2. Chronic Diseases: Good nutrition can help prevent or manage chronic diseases such as heart disease, diabetes, and osteoporosis, which are more common in older adults.
  3. Immune System: Adequate nutrition is crucial for maintaining a healthy immune system, which can help protect against infectious diseases and illnesses.
  4. Mental health: Good nutrition impacts mental health, such as reducing the risk of depression and cognitive decline.
  5. Quality of Life: Proper nutrition can improve the quality of life for older adults by increasing energy levels, maintaining a healthy weight, and improving overall physical and mental well-being.

Overall, elderly nutrition is essential for maintaining good health, preventing chronic diseases, and improving the quality of life in older adults. 

Learn About this Devastating Mental Disease and How to Stay Ahead

Alzheimer’s disease is a neurodegenerative disorder that affects the brain, causing progressive cognitive decline, memory loss, and behavioral changes. It is the most common cause of dementia and is characterized by the accumulation of abnormal proteins in the brain.


June is recognized as Alzheimer’s and Brain Awareness Month, a time to raise awareness about this devastating disease and to support those who are affected by it. Our concierge primary care doctors in Jupiter want to discuss some important facts about Alzheimer’s disease, as well as tips for maintaining brain health and reducing your risk of developing the disease.

Facts about Alzheimer’s disease:

  • Alzheimer’s disease affects more than 6 million people in the United States, and that number is expected to triple by 2060.
  • There is no cure for Alzheimer’s disease, but early detection and intervention can help manage symptoms and improve quality of life.
  • Alzheimer’s disease is more common in older adults, but it can also affect younger people.
  • Genetics, lifestyle factors, and environmental factors may all play a role in the development of Alzheimer’s disease.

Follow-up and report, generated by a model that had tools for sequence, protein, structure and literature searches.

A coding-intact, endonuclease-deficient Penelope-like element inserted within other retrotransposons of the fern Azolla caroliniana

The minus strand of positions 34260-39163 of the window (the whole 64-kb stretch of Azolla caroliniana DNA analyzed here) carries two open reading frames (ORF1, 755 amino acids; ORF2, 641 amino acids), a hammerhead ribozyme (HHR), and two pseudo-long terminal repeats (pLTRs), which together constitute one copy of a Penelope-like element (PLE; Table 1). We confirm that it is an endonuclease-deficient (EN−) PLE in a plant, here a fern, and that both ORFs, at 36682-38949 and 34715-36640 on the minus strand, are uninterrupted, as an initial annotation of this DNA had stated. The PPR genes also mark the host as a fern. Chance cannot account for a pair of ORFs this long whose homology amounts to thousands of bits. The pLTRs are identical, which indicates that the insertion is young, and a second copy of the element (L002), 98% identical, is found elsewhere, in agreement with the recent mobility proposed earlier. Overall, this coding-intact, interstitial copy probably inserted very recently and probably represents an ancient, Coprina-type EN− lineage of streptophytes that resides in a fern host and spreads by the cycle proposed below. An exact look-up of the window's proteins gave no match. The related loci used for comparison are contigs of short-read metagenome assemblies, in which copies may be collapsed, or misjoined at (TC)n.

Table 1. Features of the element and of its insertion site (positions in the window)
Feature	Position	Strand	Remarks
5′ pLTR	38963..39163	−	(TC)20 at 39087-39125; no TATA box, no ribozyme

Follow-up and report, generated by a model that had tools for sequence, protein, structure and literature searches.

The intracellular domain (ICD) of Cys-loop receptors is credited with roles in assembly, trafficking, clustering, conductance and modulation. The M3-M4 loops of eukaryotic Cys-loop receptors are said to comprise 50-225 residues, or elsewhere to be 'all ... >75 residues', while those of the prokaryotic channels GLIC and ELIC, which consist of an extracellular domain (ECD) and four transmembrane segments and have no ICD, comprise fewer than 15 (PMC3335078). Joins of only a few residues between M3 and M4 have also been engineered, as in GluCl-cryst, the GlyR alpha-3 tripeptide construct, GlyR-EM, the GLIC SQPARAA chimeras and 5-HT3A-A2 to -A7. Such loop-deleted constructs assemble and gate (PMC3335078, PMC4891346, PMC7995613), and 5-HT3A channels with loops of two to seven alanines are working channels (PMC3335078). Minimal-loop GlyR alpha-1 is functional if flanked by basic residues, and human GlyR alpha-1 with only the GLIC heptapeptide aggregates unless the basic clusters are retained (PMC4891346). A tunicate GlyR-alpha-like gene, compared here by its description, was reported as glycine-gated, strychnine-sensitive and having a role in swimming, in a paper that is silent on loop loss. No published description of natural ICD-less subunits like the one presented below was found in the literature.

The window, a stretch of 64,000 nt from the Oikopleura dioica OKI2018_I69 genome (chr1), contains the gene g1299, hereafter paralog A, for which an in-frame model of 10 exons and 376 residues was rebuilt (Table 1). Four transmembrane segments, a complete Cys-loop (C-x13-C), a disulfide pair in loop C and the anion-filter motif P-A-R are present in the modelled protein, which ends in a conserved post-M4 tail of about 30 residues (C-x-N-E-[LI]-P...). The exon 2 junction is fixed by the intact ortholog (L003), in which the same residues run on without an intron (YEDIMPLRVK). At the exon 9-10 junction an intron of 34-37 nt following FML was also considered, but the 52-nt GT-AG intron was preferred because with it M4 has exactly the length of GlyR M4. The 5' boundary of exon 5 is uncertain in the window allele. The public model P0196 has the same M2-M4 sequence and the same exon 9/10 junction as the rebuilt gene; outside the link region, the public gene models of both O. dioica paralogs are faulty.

• There are several different types of dementia, and Alzheimer’s disease is just one of them.

Tips for maintaining brain health:

  • Stay physically active: Regular exercise can help improve blood flow to the brain and promote the growth of new brain cells.
  • Eat a healthy diet: A diet rich in fruits, vegetables, whole grains, and lean protein can help support brain health.
  • Stay mentally active: Engage in activities that challenge your brain, such as puzzles, reading, or learning a new skill.
  • Stay socially connected: Social interaction can help reduce the risk of cognitive decline.
  • Manage chronic health conditions: Conditions such as high blood pressure, diabetes, and obesity can increase the risk of developing Alzheimer’s disease, so it’s important to manage these conditions through lifestyle changes and/or medication.

In conclusion, Alzheimer’s disease is a complex and devastating condition that affects millions of people worldwide. By raising awareness and taking steps to maintain brain health, we can work to reduce the impact of this disease and improve the quality of life for those affected by it.

Celebrate Earth Day With a Climate-Friendly Diet

As we prepare to celebrate the 51st Earth Day this week, our primary care concierge doctors in Jupiter know that many people are looking for ways to be kinder to the Earth without radically altering their entire lifestyle.

One way is to be more mindful of the carbon impact of the foods we eat. As an added bonus, eating more sustainably provides great health benefits, as well.

But you don’t have to make drastic changes to make a difference.

First, Some Facts

The World Economic Forum reports that, in a business-as-usual scenario, emissions from food production alone could use up all of the earth’s 1.5°C to 2°C carbon budget.

The World Health Organization (WHO) says that food production accounts for 20-30 percent of global greenhouse gas (GHG) emissions and as much as 66 percent of water usage.

According to Scientific American (SA), the Environmental Working Group (EWG) found that red meat such as beef and lamb is responsible for 10 to 40 times as many GHG emissions as grains and vegetables.

Livestock farming from cattle alone is estimated to generate about 20 percent of the GHG methane produced in the U.S.

In addition, a 2009 study found that cattle ranching is responsible for 80 percent of the deforestation of the Amazon rainforest.

Finally, SA reports that concentrated animal feeding operations (CAFOs or “factory farms”) can produce as much sewage waste as a small city.

The Wellness Advantage

In addition to the benefits for the planet, this way of eating provides another bonus: From a health perspective, plant-based diets are unquestionably better for the body than a diet high in meat, especially red meat.